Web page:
Swap file helps even on systems with higher RAM. My quad core 1gb ram 7 inch tablet gets a major multi-tasking boost from chucking in a 2gb swap, on the uhs-1 micro sd card. And of course, the price of memory goes down rapidly, and even at constant write, nand flash is supposed to last years.
Im basically of the opinion, because the performance difference is so radical, that probably anyone with less than a really large amount of RAM should be doing this. In fact it should probably come as a standard option in android (along with bigger app caches, and a proper sized internet cache).
I mean you have a 64-128gb micro sd (uhs-1), or even the uhs-2 that came out this year, plus a 16-64gb internal nand, often "fast" nand, which is a kind of primitive ssd or even SSD, as are used on windows slates - your not exactly filling all that high speed space up with much. The speed only really comes into play with video, or loading apps into memory - which is exactly the use here.
Of course ideally, manufacturers would focus more on RAM, than resolution or extra cores, because clearly the system speed benefits a lot from higher ram - and they should probably also up the speed of the internal storage too (like switching to full ssd type systems, or at minimum "fast" nand. But in the mean time, while high resolutions tend to cause a sort of RAM deficit in all devices, a swap file, and caching to a reasonably snappy external sd makes a lot of sense.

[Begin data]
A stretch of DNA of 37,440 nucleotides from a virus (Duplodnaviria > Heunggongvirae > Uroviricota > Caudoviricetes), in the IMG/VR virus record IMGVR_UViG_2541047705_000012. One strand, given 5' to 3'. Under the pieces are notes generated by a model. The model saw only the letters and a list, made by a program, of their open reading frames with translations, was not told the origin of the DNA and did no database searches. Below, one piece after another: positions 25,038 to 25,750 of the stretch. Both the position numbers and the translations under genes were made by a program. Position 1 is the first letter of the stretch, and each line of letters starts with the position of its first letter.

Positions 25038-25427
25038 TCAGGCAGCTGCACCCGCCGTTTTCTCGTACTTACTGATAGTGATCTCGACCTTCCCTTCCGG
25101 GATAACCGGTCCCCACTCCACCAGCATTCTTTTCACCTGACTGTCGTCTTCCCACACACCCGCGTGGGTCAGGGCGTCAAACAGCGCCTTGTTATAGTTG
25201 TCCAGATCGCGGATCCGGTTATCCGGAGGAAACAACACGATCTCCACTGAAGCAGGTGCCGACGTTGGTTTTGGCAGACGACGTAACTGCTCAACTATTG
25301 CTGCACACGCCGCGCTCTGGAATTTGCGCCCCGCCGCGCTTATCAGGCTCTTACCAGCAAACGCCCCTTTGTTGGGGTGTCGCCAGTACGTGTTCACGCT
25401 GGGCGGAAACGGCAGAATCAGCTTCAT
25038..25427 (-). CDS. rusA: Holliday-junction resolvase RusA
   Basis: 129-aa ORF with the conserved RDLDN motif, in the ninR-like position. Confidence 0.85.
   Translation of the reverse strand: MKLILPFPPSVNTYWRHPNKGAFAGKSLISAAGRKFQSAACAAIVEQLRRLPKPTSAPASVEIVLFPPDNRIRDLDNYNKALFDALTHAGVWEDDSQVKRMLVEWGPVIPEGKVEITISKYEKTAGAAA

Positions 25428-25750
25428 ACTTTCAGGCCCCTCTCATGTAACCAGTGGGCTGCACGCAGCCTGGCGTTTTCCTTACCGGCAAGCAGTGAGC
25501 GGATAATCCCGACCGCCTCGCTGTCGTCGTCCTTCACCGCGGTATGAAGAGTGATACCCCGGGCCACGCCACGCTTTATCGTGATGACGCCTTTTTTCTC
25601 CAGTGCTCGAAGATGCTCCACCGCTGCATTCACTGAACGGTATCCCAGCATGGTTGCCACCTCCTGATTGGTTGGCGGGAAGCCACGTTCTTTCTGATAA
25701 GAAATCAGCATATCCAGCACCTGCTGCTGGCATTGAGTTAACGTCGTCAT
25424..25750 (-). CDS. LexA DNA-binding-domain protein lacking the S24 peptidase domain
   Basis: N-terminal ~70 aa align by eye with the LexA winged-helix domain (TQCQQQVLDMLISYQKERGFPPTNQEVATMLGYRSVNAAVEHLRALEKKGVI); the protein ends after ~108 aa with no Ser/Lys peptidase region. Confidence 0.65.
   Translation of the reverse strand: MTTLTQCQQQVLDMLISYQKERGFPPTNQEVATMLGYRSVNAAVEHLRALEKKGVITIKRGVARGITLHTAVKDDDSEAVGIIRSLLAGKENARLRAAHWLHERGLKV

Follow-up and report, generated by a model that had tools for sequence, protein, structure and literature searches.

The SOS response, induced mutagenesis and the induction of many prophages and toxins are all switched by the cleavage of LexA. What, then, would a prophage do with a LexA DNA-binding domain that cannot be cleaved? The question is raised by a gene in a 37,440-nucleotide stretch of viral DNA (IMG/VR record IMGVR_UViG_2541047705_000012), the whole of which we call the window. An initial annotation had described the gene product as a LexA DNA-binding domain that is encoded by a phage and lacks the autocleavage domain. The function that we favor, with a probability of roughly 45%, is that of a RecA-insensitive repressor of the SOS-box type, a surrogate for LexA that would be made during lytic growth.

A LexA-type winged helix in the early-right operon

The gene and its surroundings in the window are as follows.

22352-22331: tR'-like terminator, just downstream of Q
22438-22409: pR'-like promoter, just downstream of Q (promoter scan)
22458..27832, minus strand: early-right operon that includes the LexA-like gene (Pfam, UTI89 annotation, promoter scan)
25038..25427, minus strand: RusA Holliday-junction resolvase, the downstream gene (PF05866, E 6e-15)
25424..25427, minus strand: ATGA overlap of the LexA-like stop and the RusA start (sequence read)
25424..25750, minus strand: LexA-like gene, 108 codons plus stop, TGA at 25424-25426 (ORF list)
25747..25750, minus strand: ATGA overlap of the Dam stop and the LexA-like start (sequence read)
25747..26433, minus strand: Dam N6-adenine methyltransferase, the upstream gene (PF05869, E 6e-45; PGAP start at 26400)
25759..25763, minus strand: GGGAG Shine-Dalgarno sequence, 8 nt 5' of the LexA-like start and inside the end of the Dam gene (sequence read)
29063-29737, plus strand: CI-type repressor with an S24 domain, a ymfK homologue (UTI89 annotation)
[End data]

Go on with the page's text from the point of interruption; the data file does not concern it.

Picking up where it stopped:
Indeed it would be nice to see some browsers keep fuller caching too, most browsers are either slow, or low feature, rarely fast and full featured - and thats partly because the space for the app cache on the internal drive is tiny. They are designed to operate within a low memory and storage environment, and that whole story is changing. Even if the ram isn't up to chop as much as it should be, the storage certainly is, and it can be pretty darn fast on UHS-1 standards (or the uhs-2 released this year), even if its not "fast" or ssd.
And the cost of external memory, is peanuts really, even for higher capacity uhs-1. At least a 64gb uhs-1 is perfectly affordable (50 bucks where I am, but it would be less USD), much cheaper than the device, and 32 gb and under is basically a couple of tenners.
Plenty of lessons to be learned from the desktop really, especially now the specs are getting higher - the slowest performance link is loading from storage to ram. The more you can do to mitigate that, the better.